Wine growers have a neat, if unusual, trick for making more flavorful wine--don't water the vines. Let the vines go dry right before harvest, and they will yield smaller grapes with more skin and less juice. Smaller grapes produce wine with a deeper color and more complex flavor. Trinchero Family Estates in Napa Valley, California wanted to make sure it was watering its grapes just the right amount, so they worked with Ceres Imaging to map their fields. Ceres used fixed-wing aircrafts to capture color, thermal, and infrared images of the vineyard, and they used artificial intelligence to analyze those images to see if the wine producer was overwatering its grapes.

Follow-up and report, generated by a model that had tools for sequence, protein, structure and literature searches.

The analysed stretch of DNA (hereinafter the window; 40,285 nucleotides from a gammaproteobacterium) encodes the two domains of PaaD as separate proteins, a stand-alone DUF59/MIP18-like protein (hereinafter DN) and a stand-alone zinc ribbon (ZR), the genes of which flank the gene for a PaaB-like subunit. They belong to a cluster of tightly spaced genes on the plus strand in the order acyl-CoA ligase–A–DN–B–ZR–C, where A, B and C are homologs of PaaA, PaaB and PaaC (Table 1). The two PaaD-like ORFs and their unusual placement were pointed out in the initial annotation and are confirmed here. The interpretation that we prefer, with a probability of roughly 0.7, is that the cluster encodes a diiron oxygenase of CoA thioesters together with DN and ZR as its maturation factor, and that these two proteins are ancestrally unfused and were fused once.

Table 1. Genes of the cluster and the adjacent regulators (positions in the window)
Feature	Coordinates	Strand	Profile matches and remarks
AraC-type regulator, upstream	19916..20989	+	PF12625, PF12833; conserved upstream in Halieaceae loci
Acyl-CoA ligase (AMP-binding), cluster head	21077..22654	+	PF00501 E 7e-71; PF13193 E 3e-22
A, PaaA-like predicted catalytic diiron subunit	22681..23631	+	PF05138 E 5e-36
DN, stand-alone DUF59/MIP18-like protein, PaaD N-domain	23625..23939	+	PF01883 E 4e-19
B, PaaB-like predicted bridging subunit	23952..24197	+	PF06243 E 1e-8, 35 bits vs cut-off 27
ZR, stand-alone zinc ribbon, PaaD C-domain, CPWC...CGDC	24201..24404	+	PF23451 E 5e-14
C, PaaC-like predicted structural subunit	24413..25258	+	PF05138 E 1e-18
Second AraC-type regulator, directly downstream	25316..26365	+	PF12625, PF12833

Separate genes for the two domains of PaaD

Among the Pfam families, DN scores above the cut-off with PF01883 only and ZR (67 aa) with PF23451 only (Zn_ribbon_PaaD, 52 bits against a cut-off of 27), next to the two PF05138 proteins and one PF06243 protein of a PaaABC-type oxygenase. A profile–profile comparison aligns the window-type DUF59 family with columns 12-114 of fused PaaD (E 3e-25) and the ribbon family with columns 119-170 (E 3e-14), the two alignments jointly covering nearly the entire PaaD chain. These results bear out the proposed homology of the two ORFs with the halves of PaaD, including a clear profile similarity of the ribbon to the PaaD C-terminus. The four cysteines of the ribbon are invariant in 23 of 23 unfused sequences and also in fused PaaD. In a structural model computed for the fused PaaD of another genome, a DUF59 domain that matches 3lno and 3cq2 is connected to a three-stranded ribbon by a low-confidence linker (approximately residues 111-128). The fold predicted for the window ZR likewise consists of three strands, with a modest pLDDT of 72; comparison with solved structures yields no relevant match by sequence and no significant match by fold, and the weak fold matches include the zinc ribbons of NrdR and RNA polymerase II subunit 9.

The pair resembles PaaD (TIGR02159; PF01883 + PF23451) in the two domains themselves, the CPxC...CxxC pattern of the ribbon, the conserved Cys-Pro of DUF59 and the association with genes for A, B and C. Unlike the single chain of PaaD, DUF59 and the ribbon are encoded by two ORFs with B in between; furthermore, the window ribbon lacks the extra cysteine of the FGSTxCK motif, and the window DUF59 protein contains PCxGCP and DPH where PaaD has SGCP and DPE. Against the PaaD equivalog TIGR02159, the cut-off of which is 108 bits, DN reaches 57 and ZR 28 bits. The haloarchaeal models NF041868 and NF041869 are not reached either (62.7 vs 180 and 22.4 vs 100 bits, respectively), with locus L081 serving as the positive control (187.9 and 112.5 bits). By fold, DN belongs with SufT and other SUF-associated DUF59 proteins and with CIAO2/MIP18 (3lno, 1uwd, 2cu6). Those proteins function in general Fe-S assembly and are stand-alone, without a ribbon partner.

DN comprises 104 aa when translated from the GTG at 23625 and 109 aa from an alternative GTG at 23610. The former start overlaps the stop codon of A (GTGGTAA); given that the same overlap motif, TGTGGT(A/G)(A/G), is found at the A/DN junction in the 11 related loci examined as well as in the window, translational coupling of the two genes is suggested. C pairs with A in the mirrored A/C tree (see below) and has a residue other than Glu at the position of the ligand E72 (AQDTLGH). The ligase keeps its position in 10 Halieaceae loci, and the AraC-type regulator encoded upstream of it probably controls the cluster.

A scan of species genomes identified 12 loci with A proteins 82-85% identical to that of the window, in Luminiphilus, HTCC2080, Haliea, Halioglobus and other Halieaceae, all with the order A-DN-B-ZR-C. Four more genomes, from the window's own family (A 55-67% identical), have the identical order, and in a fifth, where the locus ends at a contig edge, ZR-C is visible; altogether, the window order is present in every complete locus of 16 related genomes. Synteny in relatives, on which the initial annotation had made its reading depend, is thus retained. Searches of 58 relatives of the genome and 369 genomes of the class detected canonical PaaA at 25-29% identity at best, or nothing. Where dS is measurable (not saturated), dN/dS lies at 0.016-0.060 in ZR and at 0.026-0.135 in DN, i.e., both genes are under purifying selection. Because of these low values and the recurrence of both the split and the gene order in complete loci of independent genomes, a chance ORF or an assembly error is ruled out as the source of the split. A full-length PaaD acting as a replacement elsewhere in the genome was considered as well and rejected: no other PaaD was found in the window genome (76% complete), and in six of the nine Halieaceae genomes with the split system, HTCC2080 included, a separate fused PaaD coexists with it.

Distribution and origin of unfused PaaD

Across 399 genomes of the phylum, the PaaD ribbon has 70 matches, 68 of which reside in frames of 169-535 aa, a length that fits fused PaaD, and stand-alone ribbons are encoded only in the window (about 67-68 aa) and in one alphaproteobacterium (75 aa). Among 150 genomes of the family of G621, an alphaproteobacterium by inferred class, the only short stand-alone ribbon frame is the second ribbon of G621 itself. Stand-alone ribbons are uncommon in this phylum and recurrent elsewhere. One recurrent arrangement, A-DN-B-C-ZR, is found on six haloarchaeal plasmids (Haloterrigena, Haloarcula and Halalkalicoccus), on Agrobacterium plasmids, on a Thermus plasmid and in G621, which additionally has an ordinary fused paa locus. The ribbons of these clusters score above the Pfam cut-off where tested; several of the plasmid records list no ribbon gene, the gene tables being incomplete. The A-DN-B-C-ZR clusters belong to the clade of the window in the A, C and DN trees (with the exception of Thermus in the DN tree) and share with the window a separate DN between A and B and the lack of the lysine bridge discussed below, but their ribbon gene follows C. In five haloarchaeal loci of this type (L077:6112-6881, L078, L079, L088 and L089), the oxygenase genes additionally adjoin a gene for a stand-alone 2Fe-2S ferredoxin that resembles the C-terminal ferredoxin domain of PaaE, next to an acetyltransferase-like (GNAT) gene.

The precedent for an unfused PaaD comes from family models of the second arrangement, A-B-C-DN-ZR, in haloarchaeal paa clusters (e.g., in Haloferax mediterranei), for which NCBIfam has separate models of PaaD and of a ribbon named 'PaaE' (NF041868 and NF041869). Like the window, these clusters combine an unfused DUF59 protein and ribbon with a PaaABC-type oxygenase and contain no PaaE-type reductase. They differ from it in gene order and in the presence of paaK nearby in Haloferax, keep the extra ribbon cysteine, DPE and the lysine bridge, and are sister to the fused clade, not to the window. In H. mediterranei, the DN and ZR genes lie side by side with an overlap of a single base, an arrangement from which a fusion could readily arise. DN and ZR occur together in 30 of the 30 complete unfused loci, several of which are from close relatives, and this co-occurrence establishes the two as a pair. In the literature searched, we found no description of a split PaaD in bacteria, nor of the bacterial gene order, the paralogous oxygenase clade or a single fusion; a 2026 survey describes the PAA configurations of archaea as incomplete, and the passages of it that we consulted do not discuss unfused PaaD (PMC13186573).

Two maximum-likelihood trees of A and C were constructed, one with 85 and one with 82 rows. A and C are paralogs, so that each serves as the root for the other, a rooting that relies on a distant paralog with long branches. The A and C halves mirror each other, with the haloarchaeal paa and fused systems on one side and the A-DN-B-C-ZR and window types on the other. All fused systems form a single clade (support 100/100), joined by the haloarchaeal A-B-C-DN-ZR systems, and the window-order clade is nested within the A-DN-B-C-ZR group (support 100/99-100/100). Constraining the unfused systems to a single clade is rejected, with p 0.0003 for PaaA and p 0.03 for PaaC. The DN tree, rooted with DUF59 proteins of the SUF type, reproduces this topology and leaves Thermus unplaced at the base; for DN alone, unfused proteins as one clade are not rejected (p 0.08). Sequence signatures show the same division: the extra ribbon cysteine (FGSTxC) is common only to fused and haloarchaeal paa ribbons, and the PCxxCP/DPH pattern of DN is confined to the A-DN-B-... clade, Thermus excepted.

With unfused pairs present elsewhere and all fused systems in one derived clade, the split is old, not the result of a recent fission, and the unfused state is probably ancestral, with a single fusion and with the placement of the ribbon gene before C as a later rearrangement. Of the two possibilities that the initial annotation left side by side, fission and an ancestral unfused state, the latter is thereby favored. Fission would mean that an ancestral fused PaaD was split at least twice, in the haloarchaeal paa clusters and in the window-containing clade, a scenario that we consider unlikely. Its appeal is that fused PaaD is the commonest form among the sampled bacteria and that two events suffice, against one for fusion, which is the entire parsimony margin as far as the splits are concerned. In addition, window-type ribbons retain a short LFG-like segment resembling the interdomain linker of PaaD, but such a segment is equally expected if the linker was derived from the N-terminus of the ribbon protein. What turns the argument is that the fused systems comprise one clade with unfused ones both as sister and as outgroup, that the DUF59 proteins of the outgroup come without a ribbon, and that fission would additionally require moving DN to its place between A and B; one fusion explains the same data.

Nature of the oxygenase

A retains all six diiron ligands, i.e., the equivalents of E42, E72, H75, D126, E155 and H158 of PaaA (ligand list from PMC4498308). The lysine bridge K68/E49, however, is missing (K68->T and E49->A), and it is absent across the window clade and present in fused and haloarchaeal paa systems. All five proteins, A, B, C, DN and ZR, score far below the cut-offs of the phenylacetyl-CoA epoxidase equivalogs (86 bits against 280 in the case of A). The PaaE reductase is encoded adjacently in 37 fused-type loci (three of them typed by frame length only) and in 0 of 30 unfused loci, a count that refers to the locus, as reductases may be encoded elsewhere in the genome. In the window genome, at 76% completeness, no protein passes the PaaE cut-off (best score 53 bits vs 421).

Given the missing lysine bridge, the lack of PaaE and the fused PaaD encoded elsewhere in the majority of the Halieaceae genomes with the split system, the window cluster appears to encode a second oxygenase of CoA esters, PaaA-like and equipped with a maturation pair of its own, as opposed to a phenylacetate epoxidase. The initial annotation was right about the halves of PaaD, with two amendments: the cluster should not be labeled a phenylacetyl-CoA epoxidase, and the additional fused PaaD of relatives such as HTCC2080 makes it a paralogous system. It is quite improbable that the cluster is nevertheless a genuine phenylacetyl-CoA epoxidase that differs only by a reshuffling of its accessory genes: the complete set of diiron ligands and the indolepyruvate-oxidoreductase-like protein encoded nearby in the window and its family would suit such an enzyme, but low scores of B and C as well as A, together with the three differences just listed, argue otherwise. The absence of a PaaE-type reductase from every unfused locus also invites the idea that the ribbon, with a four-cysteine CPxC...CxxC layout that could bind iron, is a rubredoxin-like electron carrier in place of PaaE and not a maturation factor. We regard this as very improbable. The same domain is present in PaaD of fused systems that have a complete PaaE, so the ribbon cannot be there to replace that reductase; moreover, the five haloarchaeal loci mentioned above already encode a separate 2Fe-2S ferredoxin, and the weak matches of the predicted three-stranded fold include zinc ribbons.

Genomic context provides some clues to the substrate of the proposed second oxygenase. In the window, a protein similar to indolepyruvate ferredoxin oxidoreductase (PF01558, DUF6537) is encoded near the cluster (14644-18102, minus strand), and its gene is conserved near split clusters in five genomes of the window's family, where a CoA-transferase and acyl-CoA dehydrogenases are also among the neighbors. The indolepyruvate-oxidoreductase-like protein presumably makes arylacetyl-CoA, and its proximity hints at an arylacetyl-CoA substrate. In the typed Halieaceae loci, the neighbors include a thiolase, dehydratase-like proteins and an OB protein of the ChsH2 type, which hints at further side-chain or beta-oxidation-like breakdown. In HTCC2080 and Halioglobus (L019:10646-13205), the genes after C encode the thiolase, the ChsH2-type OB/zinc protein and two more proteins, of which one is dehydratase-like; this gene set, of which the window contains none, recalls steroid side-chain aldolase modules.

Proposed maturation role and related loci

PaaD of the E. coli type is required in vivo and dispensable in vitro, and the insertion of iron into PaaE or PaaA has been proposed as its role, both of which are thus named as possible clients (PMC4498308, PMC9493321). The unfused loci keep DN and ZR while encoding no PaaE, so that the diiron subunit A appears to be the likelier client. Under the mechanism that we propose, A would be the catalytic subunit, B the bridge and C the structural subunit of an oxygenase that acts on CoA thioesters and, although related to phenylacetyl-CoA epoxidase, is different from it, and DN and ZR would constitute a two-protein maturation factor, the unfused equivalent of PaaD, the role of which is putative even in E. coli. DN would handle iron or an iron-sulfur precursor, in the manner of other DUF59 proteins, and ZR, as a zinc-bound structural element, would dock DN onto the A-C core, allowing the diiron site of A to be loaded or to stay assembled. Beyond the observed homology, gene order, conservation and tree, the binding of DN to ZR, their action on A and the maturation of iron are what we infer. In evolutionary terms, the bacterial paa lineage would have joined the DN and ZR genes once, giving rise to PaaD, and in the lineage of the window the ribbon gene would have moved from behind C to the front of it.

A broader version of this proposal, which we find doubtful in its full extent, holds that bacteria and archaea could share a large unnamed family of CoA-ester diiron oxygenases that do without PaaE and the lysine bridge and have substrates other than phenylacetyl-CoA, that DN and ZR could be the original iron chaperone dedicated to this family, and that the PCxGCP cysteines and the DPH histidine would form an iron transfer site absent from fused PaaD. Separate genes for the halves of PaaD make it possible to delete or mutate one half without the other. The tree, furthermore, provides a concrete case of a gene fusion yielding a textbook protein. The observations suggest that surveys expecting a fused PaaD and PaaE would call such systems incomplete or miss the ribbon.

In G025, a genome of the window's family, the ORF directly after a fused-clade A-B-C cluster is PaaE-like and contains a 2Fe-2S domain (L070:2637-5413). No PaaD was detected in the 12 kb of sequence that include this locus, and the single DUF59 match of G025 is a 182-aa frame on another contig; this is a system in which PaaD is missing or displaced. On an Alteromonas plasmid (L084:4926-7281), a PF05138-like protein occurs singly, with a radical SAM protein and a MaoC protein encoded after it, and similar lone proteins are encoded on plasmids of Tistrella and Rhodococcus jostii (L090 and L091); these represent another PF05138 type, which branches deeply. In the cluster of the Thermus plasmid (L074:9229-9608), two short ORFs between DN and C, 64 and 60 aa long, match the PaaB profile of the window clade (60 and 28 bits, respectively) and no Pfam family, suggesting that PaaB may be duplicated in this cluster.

Driscoll's is so secretive about its robotic strawberry picker it won't let photographers within telephoto range of it. But if you do get a peek, you won't see anything humanoid or space-aged. AgroBot is still more John Deere than C-3PO -- a boxy contraption moving in fits and starts, with its computer-driven sensors, graspers and cutters missing 1 in 3 berries. Such has been the progress of ag-tech in California, where despite the adoption of drones, iPhone apps and satellite-driven sensors, the hand and knife still harvest the bulk of more than 200 crops. Now, the $47-billion agriculture industry is trying to bring technological innovation up to warp speed before it runs out of low-wage immigrant workers.